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EPA in Illinois

Vulcan-Louisville/Fansteel Smelting Site

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March 2017 Update

U.S. EPA has been conducting groundwater monitoring at the Fansteel and Vacant Lot areas since 2010 to check on a plume polluted by a chemical called tetrachloroethylene, or TCE. “Groundwater” is an environmental term for an underground supply of fresh water. A “plume” is a mass of contaminated groundwater. Based on the most current groundwater monitoring results obtained this year, it is evident microbes have broken down some of the TCE into its component elements. This degradation process is called “natural attenuation” and is one of the goals of the cleanup work. However, natural attenuation in the groundwater of the Fansteel site may have leveled off. The last three rounds of groundwater sampling have shown stable or minor decreases in the TCE with no accumulation of the chemical’s component elements as would be expected with biodegradation. EPA will evaluate additional data to be collected in 2017/2018 to determine if possible enhancements are needed to speed up the natural attenuation process in the future.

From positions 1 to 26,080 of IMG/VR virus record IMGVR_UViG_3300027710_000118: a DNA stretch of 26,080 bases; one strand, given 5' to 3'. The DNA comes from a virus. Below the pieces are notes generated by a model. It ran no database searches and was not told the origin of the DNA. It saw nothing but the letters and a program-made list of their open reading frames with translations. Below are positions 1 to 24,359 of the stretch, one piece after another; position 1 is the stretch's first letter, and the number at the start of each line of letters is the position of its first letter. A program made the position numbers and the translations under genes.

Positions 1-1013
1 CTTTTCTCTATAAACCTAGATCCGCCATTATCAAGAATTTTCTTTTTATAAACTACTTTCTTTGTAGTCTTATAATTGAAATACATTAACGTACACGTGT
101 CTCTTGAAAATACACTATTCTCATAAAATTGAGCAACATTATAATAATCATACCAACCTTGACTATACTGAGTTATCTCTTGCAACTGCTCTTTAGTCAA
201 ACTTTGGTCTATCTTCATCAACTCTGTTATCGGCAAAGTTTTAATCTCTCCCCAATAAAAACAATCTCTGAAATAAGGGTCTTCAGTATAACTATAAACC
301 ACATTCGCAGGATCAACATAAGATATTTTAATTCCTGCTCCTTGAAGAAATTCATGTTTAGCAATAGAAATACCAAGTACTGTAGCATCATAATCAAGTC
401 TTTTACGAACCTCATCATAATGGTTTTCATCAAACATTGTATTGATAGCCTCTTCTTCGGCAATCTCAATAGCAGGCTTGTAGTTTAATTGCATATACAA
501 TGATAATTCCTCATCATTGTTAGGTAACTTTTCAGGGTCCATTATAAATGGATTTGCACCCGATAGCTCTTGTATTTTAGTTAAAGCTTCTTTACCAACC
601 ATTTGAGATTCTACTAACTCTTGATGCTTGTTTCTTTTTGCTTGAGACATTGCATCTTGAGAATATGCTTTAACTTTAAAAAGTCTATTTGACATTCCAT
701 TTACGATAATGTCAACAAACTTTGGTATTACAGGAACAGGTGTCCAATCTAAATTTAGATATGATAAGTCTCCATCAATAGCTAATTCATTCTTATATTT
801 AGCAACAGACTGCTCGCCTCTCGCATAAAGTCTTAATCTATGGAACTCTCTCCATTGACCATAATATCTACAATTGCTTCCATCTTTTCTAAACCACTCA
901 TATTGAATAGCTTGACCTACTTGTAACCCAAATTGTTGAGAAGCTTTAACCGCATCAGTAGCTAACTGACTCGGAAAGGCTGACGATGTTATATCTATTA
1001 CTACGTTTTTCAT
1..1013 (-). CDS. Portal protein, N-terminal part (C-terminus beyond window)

Site Description

The Vulcan Louisville facility, a former smelting operations, is at is at 1 Tantalum Place, two miles east of the intersection of Martin Luther King Jr. Street (22nd Street) and U.S. Highway 41. The facility is bounded by the R. Lavin & Sons facility to the east, 22nd Street to the south, Commonwealth Avenue to the west, and the Elgin, Joliet & Eastern Railroad to the north.

Site Background

The Fansteel site was used for industrial waste disposal. Several environmental investigations have been performed. In 1998, EPA conducted a $3.1 million cleanup, removing 49,475 cubic yards of contaminated soil and sediment from the vacant lot. In 2002, Fansteel filed for bankruptcy. As part of a bankruptcy settlement agreement, Fansteel completed a site investigation. The company's property was sold to the city of North Chicago for $1.4 million, and Fansteel paid that amount to EPA to fund future cleanup at the site. Fansteel also paid EPA an additional $700,000 and the Department of Defense paid $425,000 to resolve its potential liability. Those funds were placed in a special account that EPA will use to help pay for the cleanup.